27 June 2006

No Cameras, Amazing Things

Well, it happened again. We drove into Yellowstone National Park yesterday without the cameras and saw some really cools stuff. We went in mainly to find out if our Golden Eagle Pass expired at the beginning of July or the end of July and to ask some questions about bike trails. We also needed to drive out to West Yellowstone and renew our membership with the Grizzly and Wolf Discovery Center and to say hi to the wolves there.

On the drive in we of course saw Elk because they are everywhere. They were hanging out in the lawn in the Mammoth Hot Springs area. So here is something I don’t understand, there are signs everywhere that say “Danger: Do Not Approach Wildlife” so what do people do? They walk up as close as they can get to snap pictures, and some of these geniuses use their flash in broad daylight. Have they never seen “When Animals Attack”? I chalk it up to survival of the fittest, if they are stupid enough to walk right up to the animals, then they deserve their fate.

As we moved along toward our ultimate goal of West Yellowstone, we came upon a wildlife jam (everyone stopped to check out something on the side of the road), this time it turned out to be a fully-grown black bear. Again, people were getting out of their cars and running, as if that wouldn’t spook a bear, to see it. And not just see it from the side of the road, but to wander out into the field it was grazing in. Bill and I have talked on a couple of different occasions about just sitting around with cameras rolling during things like this waiting for people to get eaten so we can make our own “When Morons Don’t Read the Warnings” videos. Every piece of literature the Park gives you has warnings in yellow and orange about the dangers of approaching the wildlife. My favorite is the bright orange flyer in the park paper that says, “Many visitors have been gored by buffalo. Buffalo can weigh 2000 pounds and sprint at 30 miles per hour, three times faster than you can run.” And yet here people are every time, not just getting out of their vehicles but walking, and running, up to the animals and using flash cameras. Incredible.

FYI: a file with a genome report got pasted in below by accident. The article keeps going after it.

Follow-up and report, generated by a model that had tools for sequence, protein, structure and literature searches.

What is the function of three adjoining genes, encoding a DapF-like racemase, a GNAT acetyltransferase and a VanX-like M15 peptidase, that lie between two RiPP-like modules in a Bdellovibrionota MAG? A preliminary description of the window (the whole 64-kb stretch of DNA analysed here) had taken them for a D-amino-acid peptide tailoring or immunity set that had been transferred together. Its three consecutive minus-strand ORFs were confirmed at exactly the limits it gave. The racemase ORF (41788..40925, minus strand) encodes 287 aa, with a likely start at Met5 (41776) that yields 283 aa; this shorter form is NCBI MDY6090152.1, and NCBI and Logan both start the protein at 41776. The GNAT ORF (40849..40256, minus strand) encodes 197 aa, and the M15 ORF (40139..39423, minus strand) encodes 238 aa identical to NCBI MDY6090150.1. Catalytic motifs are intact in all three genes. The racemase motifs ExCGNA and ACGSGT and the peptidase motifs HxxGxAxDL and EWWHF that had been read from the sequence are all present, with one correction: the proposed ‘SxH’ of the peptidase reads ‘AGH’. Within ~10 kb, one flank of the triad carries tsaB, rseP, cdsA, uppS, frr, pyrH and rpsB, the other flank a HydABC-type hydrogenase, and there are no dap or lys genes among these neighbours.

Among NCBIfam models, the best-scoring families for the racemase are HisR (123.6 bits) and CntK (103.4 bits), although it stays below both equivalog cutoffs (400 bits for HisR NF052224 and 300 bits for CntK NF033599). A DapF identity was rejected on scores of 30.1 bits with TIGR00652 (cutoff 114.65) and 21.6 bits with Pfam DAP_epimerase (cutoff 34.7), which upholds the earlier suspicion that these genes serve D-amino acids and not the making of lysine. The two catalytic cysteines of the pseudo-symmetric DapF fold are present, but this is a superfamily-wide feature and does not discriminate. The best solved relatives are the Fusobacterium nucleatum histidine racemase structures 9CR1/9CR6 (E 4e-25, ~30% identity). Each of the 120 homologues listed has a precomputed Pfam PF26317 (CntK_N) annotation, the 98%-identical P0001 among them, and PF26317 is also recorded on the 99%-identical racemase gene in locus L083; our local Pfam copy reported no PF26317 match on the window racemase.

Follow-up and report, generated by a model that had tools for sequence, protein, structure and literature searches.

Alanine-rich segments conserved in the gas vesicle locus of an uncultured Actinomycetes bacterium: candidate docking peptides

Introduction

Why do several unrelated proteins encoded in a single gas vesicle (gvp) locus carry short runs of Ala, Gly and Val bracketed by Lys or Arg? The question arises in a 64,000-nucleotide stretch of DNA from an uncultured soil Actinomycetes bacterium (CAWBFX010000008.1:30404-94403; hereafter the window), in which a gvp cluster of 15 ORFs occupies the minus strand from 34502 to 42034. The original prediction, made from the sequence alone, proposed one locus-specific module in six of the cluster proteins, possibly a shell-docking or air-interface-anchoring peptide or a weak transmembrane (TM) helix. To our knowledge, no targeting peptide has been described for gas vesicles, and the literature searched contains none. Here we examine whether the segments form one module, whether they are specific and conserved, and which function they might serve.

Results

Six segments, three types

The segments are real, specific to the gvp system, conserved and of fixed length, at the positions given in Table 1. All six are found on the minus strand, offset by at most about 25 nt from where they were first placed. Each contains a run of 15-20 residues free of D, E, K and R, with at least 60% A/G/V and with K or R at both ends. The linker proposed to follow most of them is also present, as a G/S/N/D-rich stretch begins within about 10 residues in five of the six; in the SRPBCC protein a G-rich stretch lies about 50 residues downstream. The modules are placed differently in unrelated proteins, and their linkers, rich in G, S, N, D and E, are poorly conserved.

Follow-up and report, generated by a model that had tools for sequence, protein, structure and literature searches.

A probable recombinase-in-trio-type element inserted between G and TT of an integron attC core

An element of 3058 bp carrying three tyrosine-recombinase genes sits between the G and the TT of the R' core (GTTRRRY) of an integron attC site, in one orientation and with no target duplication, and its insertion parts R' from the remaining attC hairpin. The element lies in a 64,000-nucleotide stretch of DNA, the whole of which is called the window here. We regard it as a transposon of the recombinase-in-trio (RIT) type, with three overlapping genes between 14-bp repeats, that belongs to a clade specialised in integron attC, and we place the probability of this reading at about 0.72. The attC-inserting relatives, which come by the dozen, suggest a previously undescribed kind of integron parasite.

Farther along we saw a couple of buffalo, same thing with the people. Then on the drive out to West Yellowstone, in the Bald Eagle Conservation Area, we saw babies in the Bald Eagle nest. When I say babies, understand these birds, there were two of them, were the size of very large crows, but they were baby bald eagles. Their heads weren’t white yet, but you could tell they weren’t crows. Very cool.

We got out to the Grizzly and Wolf Discovery Center and renewed our membership. We didn’t spend a lot of time there because there were a lot of people and sometimes that’s just hard to deal with. We walked a lap and saw the wolves; they are still decked out in their winter coats. We usually see them in the middle of July when they are still shedding their winter coats so they look kind of mangy. It was cool to see them still all fluffy. We also took a gander at the grizzlies there, one of which had killed a crow. The grizzly pen attracts a lot of crows because of the food they get, and these crows are huge! There were a bunch of little kids behind us on the viewing platform. Every now and then you’d here a kid say “Mommy…I think that bear is eating one of the crows” in a small, I don't know how to react to that, kind of voice.

So all in all we had an awesome day in the park minus our cameras. Maybe we’ll just keep leaving them at home.